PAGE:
Shortly after a backpacking trip in Michigan in 2009, 20-year-old Sarah Sheridan came down with what seemed to be a nasty case of the flu. Unlike the flu, however, her symptoms only got worse with time. Blood tests, MRI scans, spinal taps and other investigations came back normal or inconclusive.
Sheridan spent the next three years in and out of hospital, all to no avail. Her insurance claims swelled to over $100,000. It wasn’t until a chance encounter with someone who’d had Lyme disease that she finally found relief.
New web-based tools seek to spare others from a similar ordeal. CrowdMed, launched on 16 April at the TedMed conference in Washington DC, uses crowds to solve tough medical cases.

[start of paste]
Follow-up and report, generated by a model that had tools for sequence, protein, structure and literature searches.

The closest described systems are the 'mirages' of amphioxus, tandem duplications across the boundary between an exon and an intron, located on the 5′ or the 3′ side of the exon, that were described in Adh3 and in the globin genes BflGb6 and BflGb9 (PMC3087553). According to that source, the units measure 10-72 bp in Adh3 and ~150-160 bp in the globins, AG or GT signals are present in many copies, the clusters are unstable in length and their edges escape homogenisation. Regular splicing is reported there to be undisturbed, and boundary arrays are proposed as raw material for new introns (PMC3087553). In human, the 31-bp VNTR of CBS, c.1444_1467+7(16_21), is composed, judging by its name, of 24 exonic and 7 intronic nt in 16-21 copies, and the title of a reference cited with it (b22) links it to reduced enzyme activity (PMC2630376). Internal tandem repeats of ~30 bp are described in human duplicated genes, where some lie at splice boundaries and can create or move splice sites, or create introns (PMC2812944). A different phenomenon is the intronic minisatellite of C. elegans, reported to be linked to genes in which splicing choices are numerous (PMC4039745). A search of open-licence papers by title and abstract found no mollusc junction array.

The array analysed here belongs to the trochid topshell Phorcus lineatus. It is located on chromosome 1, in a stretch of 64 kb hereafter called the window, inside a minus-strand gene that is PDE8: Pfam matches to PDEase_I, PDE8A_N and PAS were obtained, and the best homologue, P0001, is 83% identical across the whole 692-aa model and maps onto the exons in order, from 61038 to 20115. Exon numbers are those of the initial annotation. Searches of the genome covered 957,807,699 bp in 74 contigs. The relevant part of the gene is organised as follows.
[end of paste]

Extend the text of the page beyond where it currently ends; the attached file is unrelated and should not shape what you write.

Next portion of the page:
Anyone can join CrowdMed and analyse cases, regardless of their background or training. Participants are given points that they can then use to bet on the correct diagnosis from lists of suggestions. This creates a prediction market, with diagnoses falling and rising in value based on their popularity, like stocks in a stock market. Algorithms then calculate the probability that each diagnosis will be correct.